Doesn’t seem to matter what I post about, there’s always a reader who knows way more about it than I do. Someone will know the background on this fence and if you do, please step up and tell us about it, ok?
While out searching for some farmland, we came across a whole lot of land (not for sale) with the neatest/strangest fence! It goes on for miles! Each of the fence posts has designs or words on it. Here’s the entry to the area . . but it all has “No Trespassing” signs so I didn’t want to explore too much.
This is what you see when you turn down one of the little side roads. Makes me think it’s some kind of religious retreat area. There was a Mennonite church down the road a ways so I guess it could all be part of their property.
There are hundreds of these decorated posts.
religious folks?? or just nuts that like decorated fences? We had a family in Iowa that did fences all a round thier property with any thing they found catchy. No burma shave?? interesting anyway !!!
I love stone walls, though old-time farmers must have cursed the rocky soil that neccessitated the creation of the walls. No wonder the easterns went slap happy in the mid-west prior to the dust bowl and hard lessons learned. New England is full of such walls, interestingly enough – some of them are being stolen, piece by piece for landscaping projects! I don’t know anything about the fence you are showing – just adding my 2 cents about stone fence trivia! Cheers! Evelyn
I’m clueless about it but will pop back periodically to see if anyone else can tell you about this kind of fence. It certainly is different.
Another Linda says
The stacked stones part of the fence look like the ones I saw in PA when I visited up there. Stone fences are sure pretty!
I think the fence you photographed is pretty interesting.
Good luck with your property hunting.
Maria Stahl says
I bet you’re right, that it’s part of the Mennonite retreat center property. Lovely dry stone work!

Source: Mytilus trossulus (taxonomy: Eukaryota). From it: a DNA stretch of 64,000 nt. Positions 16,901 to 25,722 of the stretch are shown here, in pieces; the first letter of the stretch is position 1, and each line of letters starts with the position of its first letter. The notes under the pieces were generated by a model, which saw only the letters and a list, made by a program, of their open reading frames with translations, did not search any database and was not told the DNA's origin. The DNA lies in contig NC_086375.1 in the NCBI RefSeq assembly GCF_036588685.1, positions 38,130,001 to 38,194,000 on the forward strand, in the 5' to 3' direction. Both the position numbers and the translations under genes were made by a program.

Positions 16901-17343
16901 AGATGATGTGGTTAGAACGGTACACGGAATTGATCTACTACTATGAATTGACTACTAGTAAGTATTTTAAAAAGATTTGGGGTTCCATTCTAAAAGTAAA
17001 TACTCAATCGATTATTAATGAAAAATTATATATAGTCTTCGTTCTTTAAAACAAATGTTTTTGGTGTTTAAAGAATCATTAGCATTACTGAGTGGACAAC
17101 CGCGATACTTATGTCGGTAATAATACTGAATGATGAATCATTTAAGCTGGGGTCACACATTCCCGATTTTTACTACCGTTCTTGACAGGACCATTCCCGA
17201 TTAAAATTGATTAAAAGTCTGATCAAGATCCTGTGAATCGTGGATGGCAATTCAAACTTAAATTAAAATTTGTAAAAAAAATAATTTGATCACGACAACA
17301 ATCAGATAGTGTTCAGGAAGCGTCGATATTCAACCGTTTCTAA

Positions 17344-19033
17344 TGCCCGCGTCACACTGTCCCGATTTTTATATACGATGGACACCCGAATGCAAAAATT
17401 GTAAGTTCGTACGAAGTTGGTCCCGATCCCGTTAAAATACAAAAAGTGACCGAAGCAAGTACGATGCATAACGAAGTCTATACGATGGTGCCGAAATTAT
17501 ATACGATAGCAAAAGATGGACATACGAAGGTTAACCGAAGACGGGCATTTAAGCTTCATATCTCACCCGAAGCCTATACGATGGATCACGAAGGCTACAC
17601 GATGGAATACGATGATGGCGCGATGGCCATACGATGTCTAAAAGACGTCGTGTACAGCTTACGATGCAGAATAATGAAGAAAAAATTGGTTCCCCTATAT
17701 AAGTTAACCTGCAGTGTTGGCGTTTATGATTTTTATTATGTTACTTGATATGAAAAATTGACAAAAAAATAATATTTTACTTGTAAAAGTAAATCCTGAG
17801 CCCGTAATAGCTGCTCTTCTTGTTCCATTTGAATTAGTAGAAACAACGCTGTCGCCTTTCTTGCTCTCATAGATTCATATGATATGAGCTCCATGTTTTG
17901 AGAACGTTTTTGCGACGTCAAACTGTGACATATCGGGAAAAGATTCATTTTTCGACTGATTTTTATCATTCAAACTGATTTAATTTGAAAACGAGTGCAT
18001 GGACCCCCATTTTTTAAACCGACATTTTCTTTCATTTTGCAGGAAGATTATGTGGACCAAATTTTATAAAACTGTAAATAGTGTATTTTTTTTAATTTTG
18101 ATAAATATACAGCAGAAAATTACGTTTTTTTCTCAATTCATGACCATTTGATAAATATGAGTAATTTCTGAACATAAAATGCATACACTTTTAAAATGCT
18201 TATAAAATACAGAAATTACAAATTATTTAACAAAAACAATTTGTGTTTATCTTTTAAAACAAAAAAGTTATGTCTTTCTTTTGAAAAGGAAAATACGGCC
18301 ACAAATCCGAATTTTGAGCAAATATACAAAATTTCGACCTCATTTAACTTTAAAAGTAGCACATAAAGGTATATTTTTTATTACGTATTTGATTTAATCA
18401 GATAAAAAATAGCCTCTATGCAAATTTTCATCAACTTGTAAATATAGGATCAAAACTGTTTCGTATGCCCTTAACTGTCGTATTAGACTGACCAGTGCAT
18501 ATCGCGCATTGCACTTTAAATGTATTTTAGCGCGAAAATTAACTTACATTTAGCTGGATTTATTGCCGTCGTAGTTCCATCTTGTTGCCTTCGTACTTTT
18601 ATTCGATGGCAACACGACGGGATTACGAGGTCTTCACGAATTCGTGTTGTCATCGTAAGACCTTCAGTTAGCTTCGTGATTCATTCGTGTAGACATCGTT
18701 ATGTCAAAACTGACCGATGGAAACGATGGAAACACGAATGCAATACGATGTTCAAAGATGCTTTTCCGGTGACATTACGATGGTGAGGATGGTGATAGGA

Judy, When we lived in Kentucky there were miles of fence like this between where we lived and Nashville TN. I was always told that they dated back to the civil war. The stones were hand stacked by slaves as boundry lines for very large plantations. They don’t contain mortor of any kind. Each stone was hand hewn to lay on top of the previous one with a perfect fit. Can you imagine the man hours that took? I don’t know how true that is but it’s my bend on the story. I hope you find out soon so your curiosity is cured.
I have no idea, but that is one COOL fence!
Very cool fence, Judy. I’ve read about people who specialize in documenting fences. There are even beautiful photography books in which the subject matter is fencing. It would be a fun subject to research….like I need something else to divide my non-existent time for. 🙂
Is it south of you about 12 miles?
Mrs. Goodneedle says
Hmmm… it’s not boring, that’s for sure.
We have fences decorated similarly in West Virginia. I always thought it was just a West Virginia Hillbilly way of landscaping their yard or property! Next time I’m out and about I’ll take a few pictures of the “wordy” fences around here and send you a copy. People around here decorate their privacy fences, rail fences, stone fences, any fence that the owner wants to get out a message, it’s decorated. I always said, “Only in WV will you see something like that”, I guess I was wrong.
Would this fence be about 10 or 12 miles east of ElDorado Springs? South of 54 Hwy? Maybe near a small community called Black Jack.
Carol in SW IN says
In what state, county and township would this have been in. You can some times look back in family history websites for those areas to find out. I know for Indiana some of the websites have old maps on them that would give you a clue.
If you want to email me the information off of the blog, I would be glad to try to look it up for you.
Hugs and Good Luck
Carol in SW IN